Garrett Hampson’s power stroke a welcome surprise in resurgence

Sep 15, 2019; Denver, CO, USA; Colorado Rockies infielder Garrett Hampson (1) runs to third base on a Rockies base hit in the second inning against the San Diego Padres at Coors Field. Mandatory Credit: Russell Lansford-USA TODAY Sports

Opponents are beginning to see what Garrett Hampson brings to the diamond.

While he’s known for speed, the infielder is setting a new bar for his future production amid an unforeseen, late-season breakthrough. It’s also showing that he’s found his way.

In the last week, Hampson has hit five home runs – including two in Tuesday’s late-night win over the Giants, his first two-homer game in the majors.

For the first homer of the night, Hampson took Madison Bumgarner deep, courtesy of his “sneaky pop”:

The outburst has brought his season total to eight after entering the year without a single long ball. Since Sept. 12, he’s hitting .432 – likely the best stretch in his entire career with the Rockies. More importantly, he’s walked five times with only five punchouts.

Before the breakout, Hampson’s strikeout-to-walk ratio was unsightly with 75 strikeouts and only 19 walks.

As the season nears a close, this has been the stretch the infielder has yearned for.

In each of the season’s first five months – outside of May’s 18 at-bats – Hampson failed to hit .250-or-better in any of them. His lack of success even forced a demotion to make room for top-prospect Brendan Rodgers.

The constant sentiment from those inside the team was that Hampson’s production wasn’t indicative of his talent. Several pundits outside the clubhouse agreed.

So what’s changed?

When looking at the exit velocities, launch angles and hard-hit percentages of the last month for Hampson – nothing has. All three have either stayed the same or dipped some in the streak.

The aforementioned strikeout-to-walk improvement isn’t a fluke. It’s also a looming reason why Hampson has found his form.

In September, Hampson’s whiff percentage on fastballs has dropped from 21.3 percent to 10.5 percent according to Statcast. Similarly, his swing-and-miss percentage against breaking balls has dropped from 50 percent to 25 percent while his offspeed percentage has stuck at an even 25 percent.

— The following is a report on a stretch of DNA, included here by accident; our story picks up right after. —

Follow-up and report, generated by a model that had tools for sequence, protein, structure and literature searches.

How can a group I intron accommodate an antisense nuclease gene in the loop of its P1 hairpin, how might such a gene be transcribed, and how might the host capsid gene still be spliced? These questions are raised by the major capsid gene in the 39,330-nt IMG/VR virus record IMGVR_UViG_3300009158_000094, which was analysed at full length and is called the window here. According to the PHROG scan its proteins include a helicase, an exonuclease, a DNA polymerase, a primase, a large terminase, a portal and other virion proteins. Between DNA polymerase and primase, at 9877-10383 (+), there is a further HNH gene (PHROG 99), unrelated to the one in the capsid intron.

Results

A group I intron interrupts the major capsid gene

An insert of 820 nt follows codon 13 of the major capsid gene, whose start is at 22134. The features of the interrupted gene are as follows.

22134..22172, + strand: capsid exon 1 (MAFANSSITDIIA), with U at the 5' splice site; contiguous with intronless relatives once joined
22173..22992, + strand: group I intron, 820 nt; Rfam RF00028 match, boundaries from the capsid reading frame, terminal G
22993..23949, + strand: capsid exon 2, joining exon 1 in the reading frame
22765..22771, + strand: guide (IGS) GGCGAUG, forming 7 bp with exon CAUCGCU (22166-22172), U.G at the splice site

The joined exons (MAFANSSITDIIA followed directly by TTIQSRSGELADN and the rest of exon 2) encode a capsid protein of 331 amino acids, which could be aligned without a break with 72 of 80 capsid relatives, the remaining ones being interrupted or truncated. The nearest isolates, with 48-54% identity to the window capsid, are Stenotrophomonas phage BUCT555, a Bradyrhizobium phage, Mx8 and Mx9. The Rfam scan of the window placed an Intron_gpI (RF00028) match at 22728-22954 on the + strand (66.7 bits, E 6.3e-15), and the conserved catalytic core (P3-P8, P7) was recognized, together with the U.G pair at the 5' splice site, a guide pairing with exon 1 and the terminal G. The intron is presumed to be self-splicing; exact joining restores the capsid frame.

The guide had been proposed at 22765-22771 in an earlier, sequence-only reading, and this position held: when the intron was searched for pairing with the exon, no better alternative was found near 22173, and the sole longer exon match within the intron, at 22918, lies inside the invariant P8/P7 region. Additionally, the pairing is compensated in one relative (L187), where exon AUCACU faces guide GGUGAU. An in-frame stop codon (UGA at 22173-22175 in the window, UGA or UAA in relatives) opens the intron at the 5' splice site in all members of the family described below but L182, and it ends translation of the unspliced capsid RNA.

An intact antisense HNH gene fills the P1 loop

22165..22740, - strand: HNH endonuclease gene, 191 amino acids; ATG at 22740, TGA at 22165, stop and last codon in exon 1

Hampson’s choosing to swing at fewer bad pitches, while also making contact with far more pitches in the zone.

Streaks like Hampson’s are common in a Rockies’ uniform. They’re usually orchestrated solely at Coors Field though. In four road games – both in pitcher’s parks – he’s gone 7-for-17 with four home runs. Going against Clayton Kershaw, Bumgarner, Walker Buehler and Hyun-Jin Ryu in the process make the results even better.

The end of the year for a downtrodden team is about seeing new talent emerge. Hampson, Sam Hilliard, Josh Fuentes and others are all showing they could contribute in the future.

Beyond this year, unlike many of his counterparts, Hampson has several possibilities for playing time.

The infield is just part of Hampson’s eligibility. On top of playing second base and shortstop, he can also man the outfield.

Next year, Charlie Blackmon and David Dahl are guaranteed a spot in two of the team’s three outfield slots. Only an injury could alter the course. They’ll likely fill in the corners, leaving a gap in centerfield.

The one problem on Hampson’s resume is fielding. He, much like Ian Desmond, is a below-league-average outfielder according to runs saved per game.

Hampson’s speed will be key. The sprint speed he’s showcased is top-10 across the majors. Translating that quickness to the outfield terrain of Coors Field won’t be easy, but it will be necessary.

Offseason work in the field will be vital for Hampson’s improvement – especially if he wishes to capture an everyday spot in the lineup.

If the last two weeks have shown anything, it’s that the bat is further along than many may have thought.

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